What prompts a meeting with a Financial Planner?

The reasons for arranging a meeting with a Financial Planner are many and varied.

Historically, we would talk about the ‘Four D’s’ as the biggest drivers of financial advice; these big four are death, debt, disease and divorce.

As morbid and miserable as these drivers were, they often gave individuals and families a reason to seek out professional advice, usually at a difficult time in life.

Thankfully, the drivers of advice seem to have moved on to encompass a much more extensive range of reasons, many of them happy and positive!

A recent example

One recent example involved a client initially wanting to explore some questions about a trust investment and her pensions. Our conversation developed into a broader conversation about what they wanted to get out of life, and culminated in the creation of a comprehensive financial plan.

She told me that there was a light-bulb moment when all of the parts of her financial plan came together; a sentiment we often hear from clients when presented with a financial plan for the first time.

An important part of the financial planning process is the creation of a lifetime cash flow forecast, which allows clients to see how different decisions or life events might influence their wealth in all stages of life. We create these forecasts using reasonable assumptions about the future, and keep them under regular review as external factors including investment returns and price inflation change over time.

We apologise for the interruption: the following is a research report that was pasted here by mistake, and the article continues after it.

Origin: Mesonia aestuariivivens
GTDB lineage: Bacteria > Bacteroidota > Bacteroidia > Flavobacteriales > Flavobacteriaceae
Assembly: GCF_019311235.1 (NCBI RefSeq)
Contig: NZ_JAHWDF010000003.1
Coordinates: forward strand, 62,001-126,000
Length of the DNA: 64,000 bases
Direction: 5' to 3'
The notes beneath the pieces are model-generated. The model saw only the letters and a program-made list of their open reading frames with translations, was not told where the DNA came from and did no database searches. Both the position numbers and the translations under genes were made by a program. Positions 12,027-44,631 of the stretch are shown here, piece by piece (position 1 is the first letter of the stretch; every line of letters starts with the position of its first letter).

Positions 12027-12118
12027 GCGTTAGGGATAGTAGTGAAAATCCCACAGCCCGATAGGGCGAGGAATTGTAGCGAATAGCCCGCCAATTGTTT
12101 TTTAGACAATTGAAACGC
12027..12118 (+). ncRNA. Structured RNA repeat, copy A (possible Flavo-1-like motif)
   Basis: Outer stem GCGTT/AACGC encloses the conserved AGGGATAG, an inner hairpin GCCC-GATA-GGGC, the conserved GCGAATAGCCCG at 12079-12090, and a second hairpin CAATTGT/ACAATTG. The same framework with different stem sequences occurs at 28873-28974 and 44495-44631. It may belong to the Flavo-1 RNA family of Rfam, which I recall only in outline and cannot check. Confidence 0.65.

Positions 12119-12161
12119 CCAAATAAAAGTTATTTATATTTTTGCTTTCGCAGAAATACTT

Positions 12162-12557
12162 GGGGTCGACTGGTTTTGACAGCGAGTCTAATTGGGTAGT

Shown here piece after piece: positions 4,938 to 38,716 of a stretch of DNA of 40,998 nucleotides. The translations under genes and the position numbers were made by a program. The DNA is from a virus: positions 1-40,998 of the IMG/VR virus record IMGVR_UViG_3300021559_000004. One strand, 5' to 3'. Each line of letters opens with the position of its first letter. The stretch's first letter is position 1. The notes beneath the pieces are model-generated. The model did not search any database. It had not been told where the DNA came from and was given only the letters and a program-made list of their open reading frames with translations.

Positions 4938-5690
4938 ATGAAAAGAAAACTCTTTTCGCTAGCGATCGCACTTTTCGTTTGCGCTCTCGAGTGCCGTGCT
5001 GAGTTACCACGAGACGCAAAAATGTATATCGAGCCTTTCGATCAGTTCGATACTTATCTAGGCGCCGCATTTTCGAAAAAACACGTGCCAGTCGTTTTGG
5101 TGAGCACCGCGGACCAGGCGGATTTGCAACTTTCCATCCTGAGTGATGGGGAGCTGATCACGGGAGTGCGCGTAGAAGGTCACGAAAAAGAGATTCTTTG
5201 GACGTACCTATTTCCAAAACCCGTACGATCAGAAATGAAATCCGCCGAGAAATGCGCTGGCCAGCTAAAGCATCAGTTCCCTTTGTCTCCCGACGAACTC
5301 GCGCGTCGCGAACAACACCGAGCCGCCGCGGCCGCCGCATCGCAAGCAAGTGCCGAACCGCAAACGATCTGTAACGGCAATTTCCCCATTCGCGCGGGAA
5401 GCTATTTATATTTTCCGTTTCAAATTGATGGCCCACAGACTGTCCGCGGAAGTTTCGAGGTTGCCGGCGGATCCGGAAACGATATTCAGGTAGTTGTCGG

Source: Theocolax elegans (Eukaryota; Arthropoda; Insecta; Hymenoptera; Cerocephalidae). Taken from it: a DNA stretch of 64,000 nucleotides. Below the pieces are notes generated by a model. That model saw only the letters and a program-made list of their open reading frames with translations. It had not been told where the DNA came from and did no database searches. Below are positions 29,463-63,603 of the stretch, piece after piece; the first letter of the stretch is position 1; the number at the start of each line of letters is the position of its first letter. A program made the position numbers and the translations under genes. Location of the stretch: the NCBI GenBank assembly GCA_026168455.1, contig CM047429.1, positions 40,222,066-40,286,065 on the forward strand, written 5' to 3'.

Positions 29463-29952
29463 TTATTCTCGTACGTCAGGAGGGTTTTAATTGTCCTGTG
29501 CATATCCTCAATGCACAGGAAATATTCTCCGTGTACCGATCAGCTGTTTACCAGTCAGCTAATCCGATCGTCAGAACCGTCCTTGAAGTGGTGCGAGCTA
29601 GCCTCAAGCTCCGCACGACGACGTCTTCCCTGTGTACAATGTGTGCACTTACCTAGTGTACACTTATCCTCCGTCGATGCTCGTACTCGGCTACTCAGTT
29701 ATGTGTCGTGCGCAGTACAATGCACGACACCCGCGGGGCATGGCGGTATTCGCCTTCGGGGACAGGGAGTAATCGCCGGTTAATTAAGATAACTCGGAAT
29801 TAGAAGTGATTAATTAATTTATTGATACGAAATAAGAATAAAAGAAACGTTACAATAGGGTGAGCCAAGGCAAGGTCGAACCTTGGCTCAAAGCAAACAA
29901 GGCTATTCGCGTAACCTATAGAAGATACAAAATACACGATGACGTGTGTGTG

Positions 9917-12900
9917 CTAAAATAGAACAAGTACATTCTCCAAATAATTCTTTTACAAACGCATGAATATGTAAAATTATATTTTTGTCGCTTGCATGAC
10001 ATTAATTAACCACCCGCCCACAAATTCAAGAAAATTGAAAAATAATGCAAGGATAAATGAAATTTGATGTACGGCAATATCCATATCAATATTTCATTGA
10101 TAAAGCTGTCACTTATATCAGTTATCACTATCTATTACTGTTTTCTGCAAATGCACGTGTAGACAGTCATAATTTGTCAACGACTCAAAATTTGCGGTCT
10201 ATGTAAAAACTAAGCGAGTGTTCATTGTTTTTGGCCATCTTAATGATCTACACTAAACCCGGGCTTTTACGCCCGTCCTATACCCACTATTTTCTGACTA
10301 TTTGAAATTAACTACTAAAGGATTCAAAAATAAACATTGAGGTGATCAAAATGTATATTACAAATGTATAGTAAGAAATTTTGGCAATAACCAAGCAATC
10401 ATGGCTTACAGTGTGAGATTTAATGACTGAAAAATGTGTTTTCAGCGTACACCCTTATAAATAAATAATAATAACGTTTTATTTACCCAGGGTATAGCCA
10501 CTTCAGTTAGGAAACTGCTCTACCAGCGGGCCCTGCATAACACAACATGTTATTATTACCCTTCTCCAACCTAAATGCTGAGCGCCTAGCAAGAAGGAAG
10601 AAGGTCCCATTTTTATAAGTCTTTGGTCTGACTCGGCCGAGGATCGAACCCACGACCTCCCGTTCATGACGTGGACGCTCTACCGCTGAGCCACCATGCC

When we create a financial plan for someone who needs to make important choices about their life, such as whether to give up a particular job so they can retire, or downsizing to a smaller property, the plan offers a high degree of comfort that decisions are sound.

I particularly love when the financial planning process opens eyes to the fact that clients can afford to do the things they want today. All too often, we’re scared to make big decisions because of the absence of certainty around our finances. The financial planning process introduces that certainty.

It’s especially satisfying when that certainty is originally triggered by a conversation about a small part of the financial planning world, such as a trust investment or an old pension plan.

What are some of the big current or upcoming events in your life that could prompt you to call one of our Financial Planners?